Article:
There are really two different sides to your business.

First, there's what I simply call the “inside reality”; and second, there's the “outside perception.”

The inside reality has to do with all the things your business does that actually make it valuable to your customer—from a product, operations and management standpoint. It's what gives you a competitive advantage in the marketplace. It's the instantly recognizable things that make your business great. In other words, it's your “something good to say.”

The reason we call it the inside reality is because there's a good chance that the reality of what you do—the value you offer—isn't necessarily the same as the customer's perception of what you do. You'll find that these two words—reality and perception—are very important to the process of winning in advertising.

The inside reality encompasses everything you do and everything you are that make you good. It's all your skills, your people, your expertise, your service to the customer—before, during, and after the sale—your systems, your operational procedures, your commitment to excellence, your passion and the way you conduct your business.

Now you might think you're actually better than you are or you might not be giving yourself enough credit for the things you do well. But regardless, there is a reality of how valuable you are to the marketplace based on those things I just listed. That's your “something good to say.” That's what we call the inside reality.

If you asked your customers why they buy from you, they could tell you something quantifiable, specific, and instantly obvious. They could point to specific advantages of doing business with you and say, “That's why I do business here, that's why I refer my friends to come here, that's why I'm a loyal customer of this place, that's why I don't mind paying more here, that's why I keep coming back.”

This is what business trainers like Stephen Covey, Tom Peters and Michael Gerber are all about. Innovating your company. Tom Peters calls it the “Pursuit of Wow!”

And those guys are right. It's imperative that you begin to innovate your company so that there's a reason for people to buy from you. These “innovation trainers” do a great job of teaching you how to do those things... and I recommend that you study their work.

But here's the problem: just because you've achieved “Wow!”—just because you have something good to say—doesn't mean that customers are going to flock to your business.

Achieving “Wow” is extremely important, but despite the saying about building a better mousetrap and the world beating a path to your door, there's still the job of marketing, advertising and promotion to be done. And that's where the “outside perception” comes into play.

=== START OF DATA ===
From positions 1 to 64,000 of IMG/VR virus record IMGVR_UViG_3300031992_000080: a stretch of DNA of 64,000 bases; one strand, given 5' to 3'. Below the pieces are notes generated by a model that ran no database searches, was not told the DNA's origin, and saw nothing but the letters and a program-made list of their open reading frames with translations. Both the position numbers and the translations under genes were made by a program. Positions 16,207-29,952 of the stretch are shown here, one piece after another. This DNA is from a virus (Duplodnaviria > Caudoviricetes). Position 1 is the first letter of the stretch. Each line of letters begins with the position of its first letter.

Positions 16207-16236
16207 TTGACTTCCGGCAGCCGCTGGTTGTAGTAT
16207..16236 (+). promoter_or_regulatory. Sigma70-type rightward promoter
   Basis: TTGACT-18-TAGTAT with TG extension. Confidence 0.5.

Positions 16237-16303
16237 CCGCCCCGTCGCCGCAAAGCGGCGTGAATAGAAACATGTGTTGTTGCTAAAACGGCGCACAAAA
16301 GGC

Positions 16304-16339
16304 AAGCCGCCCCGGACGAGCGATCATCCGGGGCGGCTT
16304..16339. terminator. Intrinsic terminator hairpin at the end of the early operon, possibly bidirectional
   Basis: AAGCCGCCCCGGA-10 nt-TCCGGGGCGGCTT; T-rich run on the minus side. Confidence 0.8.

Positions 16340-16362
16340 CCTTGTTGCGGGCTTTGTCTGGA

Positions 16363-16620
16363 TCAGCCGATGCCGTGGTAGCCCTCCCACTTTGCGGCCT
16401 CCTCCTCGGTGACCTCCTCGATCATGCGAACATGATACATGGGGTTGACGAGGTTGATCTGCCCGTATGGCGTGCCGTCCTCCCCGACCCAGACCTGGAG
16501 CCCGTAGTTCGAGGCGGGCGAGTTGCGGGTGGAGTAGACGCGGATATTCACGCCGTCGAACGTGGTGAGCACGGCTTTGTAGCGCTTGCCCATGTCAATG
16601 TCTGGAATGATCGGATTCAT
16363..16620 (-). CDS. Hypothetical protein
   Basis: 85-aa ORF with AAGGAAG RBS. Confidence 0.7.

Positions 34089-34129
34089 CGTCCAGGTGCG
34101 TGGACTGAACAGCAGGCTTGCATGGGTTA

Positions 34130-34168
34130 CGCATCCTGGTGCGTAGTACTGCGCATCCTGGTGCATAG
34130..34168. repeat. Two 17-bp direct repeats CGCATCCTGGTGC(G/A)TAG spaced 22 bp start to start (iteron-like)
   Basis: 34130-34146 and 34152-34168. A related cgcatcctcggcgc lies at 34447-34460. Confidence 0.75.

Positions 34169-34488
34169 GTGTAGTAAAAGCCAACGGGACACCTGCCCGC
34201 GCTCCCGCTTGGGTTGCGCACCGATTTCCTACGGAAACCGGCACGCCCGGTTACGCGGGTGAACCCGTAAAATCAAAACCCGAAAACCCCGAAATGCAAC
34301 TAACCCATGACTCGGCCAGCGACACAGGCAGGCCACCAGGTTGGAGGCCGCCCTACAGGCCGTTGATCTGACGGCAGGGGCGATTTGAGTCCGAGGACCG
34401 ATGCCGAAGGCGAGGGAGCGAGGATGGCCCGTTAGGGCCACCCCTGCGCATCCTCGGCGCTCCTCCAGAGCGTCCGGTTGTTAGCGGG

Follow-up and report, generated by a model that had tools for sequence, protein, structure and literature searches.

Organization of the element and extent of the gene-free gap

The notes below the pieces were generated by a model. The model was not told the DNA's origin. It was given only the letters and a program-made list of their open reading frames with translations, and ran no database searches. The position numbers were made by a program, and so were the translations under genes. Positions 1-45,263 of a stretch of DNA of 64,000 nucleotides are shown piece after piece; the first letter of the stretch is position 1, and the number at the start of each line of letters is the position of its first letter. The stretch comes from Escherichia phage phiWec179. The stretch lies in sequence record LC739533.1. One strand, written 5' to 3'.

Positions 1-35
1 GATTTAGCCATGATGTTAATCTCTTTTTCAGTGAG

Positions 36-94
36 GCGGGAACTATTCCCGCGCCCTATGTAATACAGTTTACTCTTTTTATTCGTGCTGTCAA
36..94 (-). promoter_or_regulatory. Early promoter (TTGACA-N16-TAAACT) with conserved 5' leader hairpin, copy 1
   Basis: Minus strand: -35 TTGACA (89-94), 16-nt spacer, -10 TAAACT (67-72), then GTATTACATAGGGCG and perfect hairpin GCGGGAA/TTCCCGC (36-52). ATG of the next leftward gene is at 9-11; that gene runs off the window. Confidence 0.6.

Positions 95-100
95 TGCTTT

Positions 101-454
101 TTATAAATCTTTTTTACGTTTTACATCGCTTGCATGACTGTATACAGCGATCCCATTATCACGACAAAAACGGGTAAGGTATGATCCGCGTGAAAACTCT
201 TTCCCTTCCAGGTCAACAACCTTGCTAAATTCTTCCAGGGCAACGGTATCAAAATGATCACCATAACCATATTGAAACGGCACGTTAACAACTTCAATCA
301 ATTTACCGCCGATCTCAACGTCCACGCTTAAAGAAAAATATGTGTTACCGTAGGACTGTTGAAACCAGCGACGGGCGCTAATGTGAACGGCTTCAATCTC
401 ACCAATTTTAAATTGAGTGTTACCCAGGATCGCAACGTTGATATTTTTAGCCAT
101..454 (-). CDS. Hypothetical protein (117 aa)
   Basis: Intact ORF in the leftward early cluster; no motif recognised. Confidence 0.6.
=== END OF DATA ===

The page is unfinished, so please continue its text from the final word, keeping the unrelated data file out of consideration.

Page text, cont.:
If the “inside reality” is about what you do and what you are that allow your business to perform better, then the outside perception has to do with how customers and prospects perceive your company. And, usually, the inside reality and the outside perception… are different.

You see, regardless of how good you are, or how good your “inside reality” is, your prospects are more than likely going to be, initially at least, apathetic.

And it's not because they don't like you or they think your business is bad or anything like that. It's because trying to figure out how good you are is the last thing on their priority list.

Ask yourself this question: how many competitors, either direct or indirect, does your business have? Whatever that number is, that's how many choices your prospects have, and how many businesses they have to sift through to try to make a buying decision. And that's assuming they want to buy what you're selling!

We call this situation the confidence gap.

The confidence gap represents the consumer's inability to distinguish whether any of the products or any of the services are any better than, or any different from or any worse than, any of the others. Let me repeat that. The confidence gap represents the consumer's inability to distinguish whether any of the products or any of the services are any better than, or any different from or any worse than, any of the others.

And guess what? You're heaped into the middle of that pack of indistinguishable competitors! Have you ever felt like that before? Or am I the only one who's ever bought a computer? Or a fence?

Which brings us to the crux of the problem: most businesses don't have the ability to communicate via advertising and marketing their “inside reality” to the outside world. They can't lead prospects to the conclusion I mentioned earlier: ”I would have to be an absolute fool to do business with anyone else but you.” Even if the business is good. Even if the company has achieved “Wow.”

Now, there's a whole host of books, seminars and trainers that try to help you with your “outside perception.” You've got books like Guerrilla Advertising, Marketing Warfare, The 22 Immutable Laws of Marketing... and you've got sales, marketing and advertising gurus galore who all try to help you make your business look good to the outside world.

And these are fine. But the problem is that none of these books or trainers pay any attention to how good your business actually is—or, in other words, they ignore the “inside reality.”

They are all almost strictly technique oriented. They say, “Here, do this, and it will make your ads pull like crazy.” Or “Use this trick, and everyone will listen to your ad.”

But don't just apply the techniques without considering the inside reality of your company.

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Rich Harshaw is the CEO of Dallas, Texas-based Y2Marketing. For more information, visit